By Brian Wheeler
Political reporter, BBC News
New political parties seem to be springing up everywhere at the moment.
At least three have been formed to fight the European elections on 4 June. They have clearly not been put off by the dismal record of small parties in breaking the stranglehold of the political establishment.
Declan Ganley is the latest high profile figure to set up his own party
Perhaps they dream of emulating the UK Independence Party, which broke through into third place in the 2004 euro elections, or the Scottish Socialist Party, which gained six seats in the Scottish Parliament a year earlier (only to lose them all at the next election).
Both of these parties benefited enormously from proportional representation, which is what makes the European elections such a fertile breeding ground for new political ventures.
So just how easy is it to form a new party? And what are the chances of success? Here is a brief guide to doing it yourself.
CHOOSE A NAME
This is trickier than you might think.
You can not use a name that is already registered with the Electoral Commission, or one that sounds too much like another party or is considered obscene. It can not be longer than six words either.
Even a celebrity name does not guarantee success
Nationalistic sentiments are also frowned upon. You cannot call your party the British Party or the Scottish Party - it must be qualified by another word in the title, hence the United Kingdom
Party or the British
Party. You cannot call yourself the Official Party either or, indeed, the Unofficial Party. Royal names, such as Queen or Her Majesty, are also strictly forbidden and you can not try to cash in on the apathy vote by calling your party "none of the above". That is banned too. The full rules are on the Electoral Commission website.
MAKE IT OFFICIAL
If you want to use your new party name on a ballot paper, you will need to register with the Electoral Commission. That means handing over a fee of £150, drawing up a party constitution and a financial statement and nominating a leader and a treasurer. Electoral Commission staff will help with the paperwork.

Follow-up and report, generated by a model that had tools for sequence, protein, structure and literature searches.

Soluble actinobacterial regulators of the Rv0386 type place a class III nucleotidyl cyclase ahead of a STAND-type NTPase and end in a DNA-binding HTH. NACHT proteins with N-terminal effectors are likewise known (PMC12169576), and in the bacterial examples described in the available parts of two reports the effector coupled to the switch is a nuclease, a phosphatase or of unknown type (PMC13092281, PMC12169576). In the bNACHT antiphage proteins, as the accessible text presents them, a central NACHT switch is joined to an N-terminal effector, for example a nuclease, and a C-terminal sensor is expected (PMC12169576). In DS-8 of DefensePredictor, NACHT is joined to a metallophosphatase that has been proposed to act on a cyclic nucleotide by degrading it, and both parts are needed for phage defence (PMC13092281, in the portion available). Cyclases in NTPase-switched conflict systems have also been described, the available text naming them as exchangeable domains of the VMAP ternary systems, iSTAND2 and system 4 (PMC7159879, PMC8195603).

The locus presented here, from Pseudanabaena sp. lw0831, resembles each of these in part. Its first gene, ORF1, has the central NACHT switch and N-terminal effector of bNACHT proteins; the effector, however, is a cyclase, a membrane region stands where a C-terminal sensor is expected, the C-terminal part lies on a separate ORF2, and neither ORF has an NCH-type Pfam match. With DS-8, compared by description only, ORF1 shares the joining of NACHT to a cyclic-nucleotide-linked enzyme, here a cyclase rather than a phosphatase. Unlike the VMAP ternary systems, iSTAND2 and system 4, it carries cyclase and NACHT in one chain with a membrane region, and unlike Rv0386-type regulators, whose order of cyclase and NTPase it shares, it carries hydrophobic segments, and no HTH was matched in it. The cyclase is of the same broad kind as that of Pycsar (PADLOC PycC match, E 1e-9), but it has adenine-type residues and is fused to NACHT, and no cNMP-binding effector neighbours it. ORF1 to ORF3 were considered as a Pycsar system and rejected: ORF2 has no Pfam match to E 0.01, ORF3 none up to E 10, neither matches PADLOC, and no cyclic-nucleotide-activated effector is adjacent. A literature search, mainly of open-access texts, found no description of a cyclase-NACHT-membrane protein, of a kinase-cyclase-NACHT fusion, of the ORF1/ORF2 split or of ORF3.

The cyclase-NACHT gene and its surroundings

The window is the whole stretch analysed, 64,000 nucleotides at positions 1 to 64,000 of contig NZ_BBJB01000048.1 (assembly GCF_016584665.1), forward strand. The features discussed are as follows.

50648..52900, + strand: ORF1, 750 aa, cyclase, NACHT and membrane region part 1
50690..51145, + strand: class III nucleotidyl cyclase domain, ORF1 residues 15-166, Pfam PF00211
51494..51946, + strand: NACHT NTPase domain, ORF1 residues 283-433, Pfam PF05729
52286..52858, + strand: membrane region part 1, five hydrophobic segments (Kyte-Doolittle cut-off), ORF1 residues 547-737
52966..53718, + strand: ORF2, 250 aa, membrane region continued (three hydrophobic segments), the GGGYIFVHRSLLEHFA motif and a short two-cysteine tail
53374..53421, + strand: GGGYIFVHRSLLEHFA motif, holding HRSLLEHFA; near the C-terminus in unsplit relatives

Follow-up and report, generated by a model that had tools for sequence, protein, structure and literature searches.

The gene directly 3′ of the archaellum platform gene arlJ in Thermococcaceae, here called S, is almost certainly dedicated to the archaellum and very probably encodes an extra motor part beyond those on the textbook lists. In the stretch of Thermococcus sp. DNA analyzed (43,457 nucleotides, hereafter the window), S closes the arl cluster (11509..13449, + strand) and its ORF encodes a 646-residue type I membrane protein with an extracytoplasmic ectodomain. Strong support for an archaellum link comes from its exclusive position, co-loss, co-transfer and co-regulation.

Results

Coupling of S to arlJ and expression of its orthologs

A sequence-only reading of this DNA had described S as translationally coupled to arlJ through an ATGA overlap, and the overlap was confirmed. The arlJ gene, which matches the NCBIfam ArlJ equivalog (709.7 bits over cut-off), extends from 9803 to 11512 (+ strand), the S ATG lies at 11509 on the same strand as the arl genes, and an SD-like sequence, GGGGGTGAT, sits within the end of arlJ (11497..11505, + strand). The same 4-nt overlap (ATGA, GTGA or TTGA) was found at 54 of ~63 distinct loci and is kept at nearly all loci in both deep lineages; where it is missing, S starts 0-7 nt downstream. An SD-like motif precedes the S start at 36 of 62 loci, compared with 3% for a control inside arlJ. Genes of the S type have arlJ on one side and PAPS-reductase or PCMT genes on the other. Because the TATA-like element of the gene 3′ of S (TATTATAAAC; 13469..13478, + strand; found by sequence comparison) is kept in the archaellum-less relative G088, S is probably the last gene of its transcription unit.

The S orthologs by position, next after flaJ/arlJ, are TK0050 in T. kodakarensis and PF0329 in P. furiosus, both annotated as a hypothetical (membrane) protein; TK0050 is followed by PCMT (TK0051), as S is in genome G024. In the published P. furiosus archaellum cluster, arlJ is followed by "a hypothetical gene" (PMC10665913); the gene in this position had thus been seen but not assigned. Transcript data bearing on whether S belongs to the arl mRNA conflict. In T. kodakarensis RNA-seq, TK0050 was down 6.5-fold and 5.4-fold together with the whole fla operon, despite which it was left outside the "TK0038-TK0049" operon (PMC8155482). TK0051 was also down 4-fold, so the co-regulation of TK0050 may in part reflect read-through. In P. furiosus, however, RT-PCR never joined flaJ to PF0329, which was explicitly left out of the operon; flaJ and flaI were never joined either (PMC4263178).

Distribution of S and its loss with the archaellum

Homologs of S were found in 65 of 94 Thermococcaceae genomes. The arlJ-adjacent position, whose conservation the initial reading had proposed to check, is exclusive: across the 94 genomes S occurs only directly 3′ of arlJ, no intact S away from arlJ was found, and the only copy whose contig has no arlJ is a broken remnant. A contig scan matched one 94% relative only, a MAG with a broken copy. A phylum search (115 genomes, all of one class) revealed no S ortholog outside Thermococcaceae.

You can also register up to three party logos and up to 12 descriptions of what the party stands for, which can be used on ballot papers.
DRAW UP A MANIFESTO
Now it starts to get interesting. This is your chance to set out your ideas for a better world.
Although, strictly speaking, you do not really need a manifesto to fight the European elections, as you are not actually bidding to form a government.
Bob Crow's new party does not want to send MEPs to Brussels
The Jury Team, the party set up by former Tory grandee Sir Paul Judge "to bring about radical change while working within the established constitution" has not got any policies. Anyone can put themselves forward as a candidate, and come up with policies, and the public will choose who should stand as a candidate.
Other parties use the European elections purely as a way of gaining attention for their political campaigns and gathering protest votes.
No2EU, the party formed by trade union boss Bob Crow, says it will not take up seats in Brussels, in protest at what it sees as the corrupt EU "gravy train". If there is a groundswell of support for their position they may transform the party into a campaign against EU directives being incorporated into British law.
GET YOUR CHEQUEBOOK OUT
Campaigning can be a costly business. But before you can even consider printing leaflets or buying advertising space, there is the small matter of deposits.
To stand in this year's European elections will cost £5,000 per region - 10 times the amount demanded at a general election. So to run a national campaign with candidates in all 12 regions will cost at least £65,000. Candidates will get the money back if they gain 2.5% of the vote in their region. But that is no small achievement. Or, if you want to trim your costs, you can qualify for a party election broadcast in England on the BBC or ITV by putting up candidates in the nine regions (cost £45,000). You can get party election broadcasts in Scotland and Wales - which count as one region each - for £5,000 each.